That sounds fast, but truth is, this CD was like Dylan's slow train coming. They did everything piecemeal, due to budget constraints.

"We financed it all ourselves, so we had to raise the money," Latina said. "What we would do is have little checkpoints. We'd have enough money to record. Then we waited another six months to raise enough to get it mastered and mixed. We had all these steppingstones to get it finished. That's why it took so long.

"But it was worth it," he added. "We wanted to make sure we had the best-sounding record we could have."

They also wanted the best songs, so they rerecorded three gems from "Bent Outta Shape," the debut.

"With the first record being a live record, there was never a proper studio version of some of those songs," Latina said.

They reworked the rollicking, harmonica-driven title cut, the bluesy "Covers Blown," and "Who Do You Trust."

"When we originally recorded 'Who Do You Trust,' it was more revved-up. Roscoe suggested we put that T. Rex or Mott the Hoople vibe on it. He had a lot of suggestions like that; he was very involved," Latina said. "He's all about capturing the best performance of the band and making sure everyone's comfortable."

Latina said Jack Fords are most comfortable as a four-piece. They recorded the CD with keyboard player Chris Hanna, but after he left amicably, they opted not to replace him.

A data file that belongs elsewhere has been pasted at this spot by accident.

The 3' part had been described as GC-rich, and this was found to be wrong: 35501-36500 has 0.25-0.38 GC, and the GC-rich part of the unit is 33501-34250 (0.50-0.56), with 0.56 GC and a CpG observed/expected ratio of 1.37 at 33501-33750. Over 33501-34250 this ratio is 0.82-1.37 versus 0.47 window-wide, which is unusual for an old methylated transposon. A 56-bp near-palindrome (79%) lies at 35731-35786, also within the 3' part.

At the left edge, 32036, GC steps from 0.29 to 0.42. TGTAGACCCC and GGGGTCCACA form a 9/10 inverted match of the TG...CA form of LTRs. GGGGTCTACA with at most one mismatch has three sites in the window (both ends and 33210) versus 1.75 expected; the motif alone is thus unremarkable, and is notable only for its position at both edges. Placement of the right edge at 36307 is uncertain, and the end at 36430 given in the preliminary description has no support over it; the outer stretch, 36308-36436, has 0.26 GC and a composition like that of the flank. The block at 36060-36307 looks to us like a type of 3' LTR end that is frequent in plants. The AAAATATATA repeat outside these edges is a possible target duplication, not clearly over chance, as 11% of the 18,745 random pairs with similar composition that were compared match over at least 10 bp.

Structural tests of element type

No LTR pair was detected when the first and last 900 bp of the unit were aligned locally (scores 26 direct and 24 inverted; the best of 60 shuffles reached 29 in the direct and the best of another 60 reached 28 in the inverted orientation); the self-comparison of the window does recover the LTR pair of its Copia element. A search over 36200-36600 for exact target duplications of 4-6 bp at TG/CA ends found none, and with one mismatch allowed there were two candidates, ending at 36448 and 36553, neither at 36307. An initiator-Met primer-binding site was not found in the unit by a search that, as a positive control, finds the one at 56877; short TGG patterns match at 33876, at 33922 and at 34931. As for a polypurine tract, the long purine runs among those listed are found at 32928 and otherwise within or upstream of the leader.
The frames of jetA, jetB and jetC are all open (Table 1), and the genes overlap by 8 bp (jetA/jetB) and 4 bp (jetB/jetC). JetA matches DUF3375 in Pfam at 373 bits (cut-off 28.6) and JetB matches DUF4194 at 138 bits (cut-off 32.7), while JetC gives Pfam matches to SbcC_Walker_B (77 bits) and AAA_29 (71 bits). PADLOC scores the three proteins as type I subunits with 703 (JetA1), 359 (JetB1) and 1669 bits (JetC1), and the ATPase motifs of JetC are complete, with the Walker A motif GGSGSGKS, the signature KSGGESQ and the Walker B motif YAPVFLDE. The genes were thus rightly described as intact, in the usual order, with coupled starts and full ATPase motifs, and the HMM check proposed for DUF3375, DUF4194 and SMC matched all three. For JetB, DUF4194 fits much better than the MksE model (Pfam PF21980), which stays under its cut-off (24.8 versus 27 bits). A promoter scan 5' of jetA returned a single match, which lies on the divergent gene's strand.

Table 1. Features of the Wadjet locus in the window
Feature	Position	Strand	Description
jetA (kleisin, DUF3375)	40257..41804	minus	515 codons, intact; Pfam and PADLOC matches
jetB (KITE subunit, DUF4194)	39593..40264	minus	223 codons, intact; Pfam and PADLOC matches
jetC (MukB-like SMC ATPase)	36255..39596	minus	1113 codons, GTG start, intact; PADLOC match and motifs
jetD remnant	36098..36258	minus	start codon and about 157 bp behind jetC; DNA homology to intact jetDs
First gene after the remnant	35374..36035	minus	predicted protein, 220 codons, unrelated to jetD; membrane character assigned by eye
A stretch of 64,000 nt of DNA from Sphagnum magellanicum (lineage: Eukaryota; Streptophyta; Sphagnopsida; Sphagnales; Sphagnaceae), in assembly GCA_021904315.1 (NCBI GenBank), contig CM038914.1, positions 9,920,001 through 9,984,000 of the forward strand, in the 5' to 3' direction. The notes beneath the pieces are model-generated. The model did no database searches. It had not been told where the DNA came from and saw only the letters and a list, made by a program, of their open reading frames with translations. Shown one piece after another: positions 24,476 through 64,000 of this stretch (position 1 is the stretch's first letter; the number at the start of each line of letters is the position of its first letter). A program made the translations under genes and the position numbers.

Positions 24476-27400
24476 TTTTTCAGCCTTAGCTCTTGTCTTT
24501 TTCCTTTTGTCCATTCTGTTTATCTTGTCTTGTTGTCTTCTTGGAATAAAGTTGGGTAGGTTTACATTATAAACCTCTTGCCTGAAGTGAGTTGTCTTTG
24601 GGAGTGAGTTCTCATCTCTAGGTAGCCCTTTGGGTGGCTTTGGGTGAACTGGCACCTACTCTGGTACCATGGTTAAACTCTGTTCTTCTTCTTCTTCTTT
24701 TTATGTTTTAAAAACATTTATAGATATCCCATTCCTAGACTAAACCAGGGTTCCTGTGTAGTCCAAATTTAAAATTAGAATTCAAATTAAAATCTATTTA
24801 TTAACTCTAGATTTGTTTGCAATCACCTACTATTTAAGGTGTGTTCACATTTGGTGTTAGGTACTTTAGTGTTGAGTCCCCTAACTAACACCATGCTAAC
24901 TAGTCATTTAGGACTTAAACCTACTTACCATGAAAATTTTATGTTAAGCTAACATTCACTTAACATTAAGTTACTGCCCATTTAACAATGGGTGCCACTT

"I felt keyboards tamed us a little bit, sound-wise," Latina said. "With it being just a four-piece, it's very guitar-driven. There's not as many textures; it's more straight-ahead."

They kick into overdrive even harder than before, whether wailing on originals or songs by Dylan, Tom Petty, the Stones, Gram Parsons, and others that take them back to school.

Kirby, the band's dashing lead singer, also plays in a Gram Parsons' tribute band. But that's just an elective. Jack Fords is the main subject for Kirby and Latina. That's what put them on the honor roll, including the Scene's award for best rock band in 2009.

Just thank God they played hooky during disco week at School of Rock.
- Erie Daily Times- August 12, 2010

"Free Times CD Review"

The Free Times
The Jack Fords
Bent Out of Shape
The Jack Fords, another entry in Cleveland's strong roots-rock scene, make their recording debut with a live disc recorded in February at the Town Fryer, the scene's hub. It was a good choice, as the confident, well-honed chops of the seasoned quartet allow it to execute its strong tunes in a live setting with ease. Heavily influenced by bluesy rock groups such as the Stones, the Faces and the Yardbirds, the disc's a must-have for Black Crowes fans, since echoes of that band are all over the title track and the mid-tempo, Southern-rock influenced "New Orleans." "Who Do You Trust" is an irresistible roadhouse roof-raiser, while "Such a Crime" is a classic howl of a rock ballad, laced with twangy guitar. The sprawling "Hotel Suicide" is a showcase for Kirby's and Latina's slashing guitar work, while the epic "Covers Blown" showcases Kirby's rangy, momentous vocals. A cover of Gram Parsons' "Hot Burrito #2" closes out the disc nicely. — Anastasia Pantsios